In my post ‘Effective Browser Support‘ I explained how we should not be looking to make sites identical in all browsers, but rather focusing on usability and accessibility. In this post I demonstrate how that works in practice.
I recently launched a new Headscape service called the Consultancy Clinic. As part of this launch I created a small single page website. Let me use this site to demonstrate how graded browser support can work.
Remember – the idea of graded browser support is to support all browsers so that your site is usable, accessible and at least reasonably attractive. With that in mind lets start with the lowest common denominator.
Starting with the basics – HTML
All web browsers can support HTML. So as a bare minimum I needed to ensure my new website was usable and accessible in raw HTML format. To test this I used the free Lynx Viewer and it returned this…
Consultancy Clinic site viewed in Lynx” title=”First I checked that my site worked in a raw HTML format”/>
So far so good. But what about those browsers who think they understand CSS but don’t render it properly?
Unfortunately when it comes to CSS support things are not black and white. Although some browsers support styling flawlessly, others think they know what they are doing when they do not.
Poor implementation of CSS is the curse of older browsers. Browsers like Netscape 4 and IE 5 offer very limited CSS support and badly implementing what it does provide.
Instead of ignoring these browsers I create a basic CSS file which does some simple formatting. Instead of compromising the design to accommodate the limitations of these browsers, I deliver a simplified version which is usable and accessible.
As you can see the design focuses on some simple layout and typography. That way it avoids anything IE 5 may have trouble displaying correctly.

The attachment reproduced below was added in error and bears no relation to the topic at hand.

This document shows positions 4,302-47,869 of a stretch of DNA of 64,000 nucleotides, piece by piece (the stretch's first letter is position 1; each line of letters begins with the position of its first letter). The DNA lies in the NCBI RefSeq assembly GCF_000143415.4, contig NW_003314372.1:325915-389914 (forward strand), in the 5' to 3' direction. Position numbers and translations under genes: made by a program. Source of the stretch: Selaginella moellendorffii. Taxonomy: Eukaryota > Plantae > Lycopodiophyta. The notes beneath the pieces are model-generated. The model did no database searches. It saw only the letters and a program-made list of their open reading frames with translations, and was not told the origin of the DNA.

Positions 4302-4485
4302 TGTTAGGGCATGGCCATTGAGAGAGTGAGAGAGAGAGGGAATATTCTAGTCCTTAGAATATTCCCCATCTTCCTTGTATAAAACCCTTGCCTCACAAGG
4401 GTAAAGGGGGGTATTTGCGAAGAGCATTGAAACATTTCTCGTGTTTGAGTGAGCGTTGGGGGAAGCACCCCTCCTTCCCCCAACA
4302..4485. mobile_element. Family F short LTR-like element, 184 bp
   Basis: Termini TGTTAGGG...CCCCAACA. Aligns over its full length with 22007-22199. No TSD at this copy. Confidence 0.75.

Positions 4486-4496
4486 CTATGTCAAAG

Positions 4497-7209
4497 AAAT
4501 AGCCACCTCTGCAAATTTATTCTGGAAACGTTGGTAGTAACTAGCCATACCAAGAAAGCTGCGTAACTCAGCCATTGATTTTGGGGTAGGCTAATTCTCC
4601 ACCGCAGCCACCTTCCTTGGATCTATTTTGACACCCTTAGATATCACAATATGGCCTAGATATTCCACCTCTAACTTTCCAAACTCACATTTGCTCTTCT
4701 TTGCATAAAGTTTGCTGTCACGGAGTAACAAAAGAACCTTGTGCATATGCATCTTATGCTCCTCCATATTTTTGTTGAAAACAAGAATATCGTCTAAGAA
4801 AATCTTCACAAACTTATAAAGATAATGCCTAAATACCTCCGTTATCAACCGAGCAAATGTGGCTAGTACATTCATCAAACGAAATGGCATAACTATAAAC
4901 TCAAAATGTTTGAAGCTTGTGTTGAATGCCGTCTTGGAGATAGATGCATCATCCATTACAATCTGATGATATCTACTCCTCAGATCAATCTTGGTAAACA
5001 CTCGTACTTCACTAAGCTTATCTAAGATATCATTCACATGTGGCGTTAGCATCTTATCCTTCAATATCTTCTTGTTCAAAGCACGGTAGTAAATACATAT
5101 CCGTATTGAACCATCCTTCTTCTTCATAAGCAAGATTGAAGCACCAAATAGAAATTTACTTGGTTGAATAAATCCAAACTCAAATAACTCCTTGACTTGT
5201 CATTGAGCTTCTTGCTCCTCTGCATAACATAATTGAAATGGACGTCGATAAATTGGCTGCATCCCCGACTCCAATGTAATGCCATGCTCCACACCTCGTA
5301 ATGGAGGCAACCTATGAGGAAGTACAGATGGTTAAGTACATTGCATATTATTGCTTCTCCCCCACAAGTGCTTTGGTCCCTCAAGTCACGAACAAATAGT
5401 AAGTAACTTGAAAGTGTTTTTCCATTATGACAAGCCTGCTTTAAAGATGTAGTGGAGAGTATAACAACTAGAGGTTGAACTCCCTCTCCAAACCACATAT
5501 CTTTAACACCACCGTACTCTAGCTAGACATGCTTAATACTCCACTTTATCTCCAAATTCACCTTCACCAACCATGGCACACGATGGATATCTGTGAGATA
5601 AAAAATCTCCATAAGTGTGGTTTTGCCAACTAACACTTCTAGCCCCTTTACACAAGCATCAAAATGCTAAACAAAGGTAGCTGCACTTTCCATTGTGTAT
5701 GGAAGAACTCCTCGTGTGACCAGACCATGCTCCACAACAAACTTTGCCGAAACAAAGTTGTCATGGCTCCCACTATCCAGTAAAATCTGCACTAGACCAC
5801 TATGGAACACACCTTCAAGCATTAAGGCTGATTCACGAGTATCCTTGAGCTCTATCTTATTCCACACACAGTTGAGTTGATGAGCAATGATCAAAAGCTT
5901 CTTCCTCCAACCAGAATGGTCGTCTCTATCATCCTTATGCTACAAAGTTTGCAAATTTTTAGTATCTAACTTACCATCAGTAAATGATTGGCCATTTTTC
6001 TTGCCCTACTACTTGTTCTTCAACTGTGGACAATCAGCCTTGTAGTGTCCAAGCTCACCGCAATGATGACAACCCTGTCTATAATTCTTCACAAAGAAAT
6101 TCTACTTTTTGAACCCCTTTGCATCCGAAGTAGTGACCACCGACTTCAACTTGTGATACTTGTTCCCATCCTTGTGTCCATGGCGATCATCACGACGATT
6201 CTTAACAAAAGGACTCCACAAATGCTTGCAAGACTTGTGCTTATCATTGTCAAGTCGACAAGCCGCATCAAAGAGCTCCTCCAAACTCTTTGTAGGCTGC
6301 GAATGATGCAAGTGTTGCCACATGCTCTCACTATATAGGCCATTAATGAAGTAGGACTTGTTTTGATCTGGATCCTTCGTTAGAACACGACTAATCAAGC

Dealing with IE6 and above
The next step was to create a more sophisticated design for browsers such as IE 6,7 and 8. These browsers understand CSS well but lack some of the more modern enhancements.
It was necessary to hide this enchanced stylesheet from ‘the pretenders’ who would render it badly. To do this I had to use a CSS hack, which was unfortunate. However, older browsers now completely ignore it.
How I did that is outside of the scope of this article. However if you want to know, view the source on the site and look for default.css.
This new design now renders perfectly well in the more modern versions of IE.
There are however, subtle differences between the versions of IE. For example IE6 does not support transparent PNGs and so in IE 6 the watermark on the form does not appear. Although it would have been possible to force IE6 to display this image, it was more sensible to simply not show it. After all the watermark is an embellishment to the design, not a fundamental part of it.
The bells and whistles
Finally I have added some further embellishments to the design for more advanced browsers. For example both Firefox and Safari support border-radius. This allowed me to add curved corners, which are simply ignored by browsers who do not support that style.
I was even able to go a step further in Safari because it supports dynamic shadows.
Design enhancements like drop shadows and rounded corners are important, but not to the same degree as usability and accessibility. With finite time and budget, we are better spending our time making sure the site is usable on all browsers rather than getting it looking identical in a few.
With the time I saved not trying to force IE6 to display a rounded corner correctly, I was able to ensure the site looked good in older browsers with a limited understanding of CSS.
Once you accept that your site will not look identical in all browsers, you will be able to build sites faster, cheaper and ensure a broader range of devices can access them. Surely that is worthwhile?